Tuesday, February 23, 2010

Paradse lost and found

Image from www.honeymooners.ie

When you think of paradise, what picture comes to mind? For me, paradise can place a picture in my mind of palm trees swaying in balmy sea-side breezes while the bright yellow sun beams across a white sandy beach. On a cold February day, I really can’t think of a better way of spending some time than on a get away to paradise. Is anyone else ready for a little vacation from the cold and the snow?

Each person’s picture of paradise could be any number of things. However, the idea of paradise usually holds some universal elements for people: it is a place of beauty, it is a place where the cares of life don’t have a passport, and it is a place that seems to be very far away in time or in miles. While some people may have the resources and time to hop a jet plane to their own personal paradise, for the vast population of humanity, such things are the stuff of fairy tales. Paradise, speaking purely in earthy terms is a place very few have the chance to travel to and if they get there the stay is temporary. For Jesus and the thief on the cross, their picture of paradise was quite different than a picture of a vacation to a tropical beach. The paradise they were concerned with was one that held an eternal placement with a never ending residence.

When thinking of Paradise on an eternal scale, Christians look forward to heaven as the ultimate gift of salvation. In John 14, Jesus says, “Do not let your hearts be troubled…in my Father’s house are many dwelling places…and I go to prepare a place for you.” Just like the thief on the cross, believers in Jesus are given that promise too. “Truly, I tell you, today you will be with me in paradise. “, are the words that Jesus speaks in response to the crucified thief that said, “Jesus, remember me when you come into your kingdom.”
Can you imagine the relief and joy that was felt by the thief knowing that on that very day eternal paradise was something he was going to experience on a personal level? In that moment of grace and forgiveness, his hopes of paradise would become a very real and tangible reality. Paradise went from being a hopeful fantasy, to becoming a present reality.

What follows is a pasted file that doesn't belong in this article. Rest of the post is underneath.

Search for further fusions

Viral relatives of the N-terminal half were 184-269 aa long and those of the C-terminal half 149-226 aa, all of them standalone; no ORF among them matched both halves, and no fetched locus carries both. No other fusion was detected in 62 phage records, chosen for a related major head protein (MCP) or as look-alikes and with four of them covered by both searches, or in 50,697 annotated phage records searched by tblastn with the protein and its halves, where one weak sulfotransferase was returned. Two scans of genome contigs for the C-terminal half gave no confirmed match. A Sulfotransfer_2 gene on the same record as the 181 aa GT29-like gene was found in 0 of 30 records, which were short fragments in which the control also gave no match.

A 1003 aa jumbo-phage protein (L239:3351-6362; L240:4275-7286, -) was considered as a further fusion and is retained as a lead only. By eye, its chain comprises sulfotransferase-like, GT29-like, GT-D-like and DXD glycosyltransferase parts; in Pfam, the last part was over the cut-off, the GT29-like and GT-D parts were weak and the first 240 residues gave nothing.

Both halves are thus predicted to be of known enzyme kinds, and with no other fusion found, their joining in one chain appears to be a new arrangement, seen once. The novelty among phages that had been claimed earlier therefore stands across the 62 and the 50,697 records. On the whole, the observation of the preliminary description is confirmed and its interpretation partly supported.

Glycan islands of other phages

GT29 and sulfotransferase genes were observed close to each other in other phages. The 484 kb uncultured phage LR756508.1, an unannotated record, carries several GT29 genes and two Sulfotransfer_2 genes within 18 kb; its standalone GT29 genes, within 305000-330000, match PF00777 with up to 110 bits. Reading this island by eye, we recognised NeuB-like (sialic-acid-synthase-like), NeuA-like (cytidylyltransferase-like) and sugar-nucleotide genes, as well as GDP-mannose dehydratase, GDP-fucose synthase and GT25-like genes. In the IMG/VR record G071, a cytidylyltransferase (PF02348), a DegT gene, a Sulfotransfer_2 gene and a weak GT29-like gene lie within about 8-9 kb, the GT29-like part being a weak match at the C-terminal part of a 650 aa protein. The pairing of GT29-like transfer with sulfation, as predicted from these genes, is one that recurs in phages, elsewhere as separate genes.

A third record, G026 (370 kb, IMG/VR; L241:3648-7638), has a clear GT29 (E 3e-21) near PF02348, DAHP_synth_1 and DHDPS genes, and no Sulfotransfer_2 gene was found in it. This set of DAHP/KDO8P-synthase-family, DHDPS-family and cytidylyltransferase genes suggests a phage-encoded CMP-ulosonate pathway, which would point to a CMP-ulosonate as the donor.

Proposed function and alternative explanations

In that pivotal moment, the thief on the cross was given the gift of salvation and a very real and eternal residence in a place of beauty, a place that was free from the cares of the world and released from the suffering of his earthly circumstances. In those last moments of life on earth, the thief was given another gift – the gift of faith in something unseen that somehow shifted the heaviness of life’s burdens. The thief was on a cross, but his faith in Jesus words gave him peace even in the seriousness of his current circumstance.

While the gift of eternal life someday in heaven is a wonderful and hope inspiring promise, it’s important that we not spend all our time thinking about the someday. If we all wander around in life only thinking of what will be for us in heaven someday, we will miss opportunities of sharing that hope and joy here on earth.
When Christians disengage from serving God in the present and only focus on their personal eternity, the promise of eternal paradise for other would be lost.

As God’s children, we are promised an eternity of blessings, but those promises should press us into actions of love, hope and peace in living out our present lives. We should emulate Jesus actions even in his last moments of life where he was attentive and present to those surrounding him. Jesus listened to the cares of the man next to him and ministered to his needs immediately. Jesus was focused on sharing himself and giving himself to humanity, even in the last moments of his life on earth.

Life is a challenging journey for all of us. There are days that we can wish for immediate paradise, when trials come our way. It can be easy to allow our focus to shift to that someday Paradise, when unexplainable or painful things happen to us or the people we love. Somehow, because of the promises Jesus have given, we all find it a little easier to carry on. Just as Jesus, even in his own state of pain, cared for the needs of the thief on the cross – I believe we are called to care for, extend hope, and the promise of salvation to those we find beside us.

We can choose to live only enduring our earthy life because eternity in heaven is all we look forward to, or we can decide to embrace our earthy lives and the people in them because of the hope and joy we have looking forward to eternity with Christ.
The time we have on earth can be looked at through two different lenses: one of holding off for heaven or actively holding heaven out to others. We can live focused on the someday, or we can make today focused on living to love someone.

Heaven is a place that Jesus has gone to prepare for us - while he’s doing that for us, what or who are we preparing for him here on earth? Paradise can be lost if we decide to hoard it or it can found for many if we share it generously. Paradise will be found not only for you, but also for those around you when like Jesus; you are willing to listen and immediately minister to everyone in diverse circumstances of life. Then Jesus words of promise that were spoken on Calvary, “Truly, today we will be together in paradise”, will come to pass not only in the future someday, but in the present and on earth as it is in heaven.

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